Friday, October 31, 2008

The Last Man on Earth

I've been curious about it for a while, but I finally got a chance to watch The Last Man on Earth, the 1964 film starring Vincent Price that was the first film adaptation of Richard Matheson's novel I Am Legend, later remade as The Omega Man and, well, I Am Legend. (I think Ridley Scott tried to make a version with Arnold Schwarzenegger....)

Given the presence of Vincent Price, the year of the movie, and the fact that my wife bought it at a dollar store, I wasn't expecting a whole lot. It's isn't exactly cinematic gold, but I ended up being impressed. Being very much a neophyte in the land of horror movies (and zombie movies in particular – though the original Dawn of the Dead is one of my favourite films, period), I probably should have known how many narrative and visual motifs were taken from this one. I knew Romero was inspired by it to make Night of the Living Dead four years later, but the lifting goes a lot deeper. The opening shots, for example, are very close to the opening of 28 Days Later. Empty city, cars on the sidewalk, bodies everywhere, etc. The biggest lift is the overall tone, however. Unlike Omega Man, and like all the genuinely great zombie movies, this isn't man vs. ghouls, this is man vs. the patently obvious fact that he is fucked. There's not a single moment of levity in the movie. (Not intentional, anyway – like I said, it's not cinematic gold.)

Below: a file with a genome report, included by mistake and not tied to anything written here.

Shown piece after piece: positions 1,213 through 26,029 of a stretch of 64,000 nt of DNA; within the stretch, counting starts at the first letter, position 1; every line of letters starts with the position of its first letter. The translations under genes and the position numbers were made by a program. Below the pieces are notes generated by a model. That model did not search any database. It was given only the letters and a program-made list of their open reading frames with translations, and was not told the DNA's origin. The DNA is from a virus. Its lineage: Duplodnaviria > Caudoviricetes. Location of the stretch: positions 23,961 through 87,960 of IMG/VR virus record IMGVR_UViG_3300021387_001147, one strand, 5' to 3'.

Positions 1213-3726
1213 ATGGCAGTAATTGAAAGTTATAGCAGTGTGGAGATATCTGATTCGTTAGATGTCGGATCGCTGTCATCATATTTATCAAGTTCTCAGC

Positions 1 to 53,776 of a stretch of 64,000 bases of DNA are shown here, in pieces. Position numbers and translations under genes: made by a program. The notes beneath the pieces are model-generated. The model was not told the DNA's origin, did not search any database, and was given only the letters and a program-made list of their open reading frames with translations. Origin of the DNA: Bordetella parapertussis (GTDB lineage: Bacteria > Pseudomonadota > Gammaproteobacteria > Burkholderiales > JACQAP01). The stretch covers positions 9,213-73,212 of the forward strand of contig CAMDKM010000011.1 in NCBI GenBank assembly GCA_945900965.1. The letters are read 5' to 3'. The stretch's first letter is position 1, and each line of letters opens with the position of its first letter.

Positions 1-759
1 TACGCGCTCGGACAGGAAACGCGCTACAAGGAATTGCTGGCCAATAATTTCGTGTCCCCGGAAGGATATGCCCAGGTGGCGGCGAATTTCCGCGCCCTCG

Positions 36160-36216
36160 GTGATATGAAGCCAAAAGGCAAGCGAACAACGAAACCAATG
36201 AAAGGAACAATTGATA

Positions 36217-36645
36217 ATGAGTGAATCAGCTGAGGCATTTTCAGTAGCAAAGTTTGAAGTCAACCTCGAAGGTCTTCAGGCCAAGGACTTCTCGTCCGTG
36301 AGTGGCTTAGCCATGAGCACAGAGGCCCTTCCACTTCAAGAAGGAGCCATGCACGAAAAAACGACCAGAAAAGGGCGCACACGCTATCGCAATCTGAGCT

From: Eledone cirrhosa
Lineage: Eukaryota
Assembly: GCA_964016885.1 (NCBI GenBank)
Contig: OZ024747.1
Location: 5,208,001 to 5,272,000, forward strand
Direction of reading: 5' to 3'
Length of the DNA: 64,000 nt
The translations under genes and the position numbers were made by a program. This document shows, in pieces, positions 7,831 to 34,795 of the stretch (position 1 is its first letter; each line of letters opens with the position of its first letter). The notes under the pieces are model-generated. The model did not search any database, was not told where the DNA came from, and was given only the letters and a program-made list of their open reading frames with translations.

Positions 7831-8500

Interestingly, Price doesn't camp it up at all here. Maybe one semi-demented laugh, but it's germane to the character and story. And there are at least two genuinely creepy moments.

It's also pretty unrelentingly brutal, sometimes even gratuitously so. It has no narrative rhythm, just lurching from awful thing to awful thing, and feels about twice as long as it is. But still, it's miles above Omega Man, and on some levels (none of them technical, obviously), just as good as I Am Legend. It's a clumsy movie, but it feels oddly more clear-eyed than the Will Smith one. A lot more cold-blooded – the ending is irredeemably bleak, and has nothing to do with Bob Marley.

There you go. Happy halloween, all.

Trailer below:



Wednesday, October 22, 2008

AWOT in Prairie Fire

The novel just got reviewed in Prairie Fire magazine:
Though his prose is uncluttered and straightforward, he breathes fresh narrative life into the most mundane details ... His dialogue, often spiced with sarcasm, is bang-on ... There are those readers who will balk at a book like this, saying, "I live domestic realism every day. Why would I want to read about it?" Which explains the popularity of fantasy. But, for those who don't flinch at honest portrayals of the way we live, this is as good as it gets.

Tuesday, October 21, 2008

I can read, I can talk - UPDATED

Just a reminder that I'll be bigshotting it at this year's International Festival of Authors.

Here's where to find me:

Oct. 24 8pm (Brigantine Room) - Reading (w/ Rohinton Mistry, Richard Russo, and Owen Sheers)

Nov. 1 noon (Brigantine Room) - Round Table (w/ Amanda Boyden, Bill Gaston, Paul Quarrington, and Nathaniel Rich)


ADDED: As part of their IFOA forecast, EYE Weekly gives me the nod as the "Best New Local Reader" (and sticks my big, bald head at the top of the article).

Sunday, October 19, 2008

Blast from the present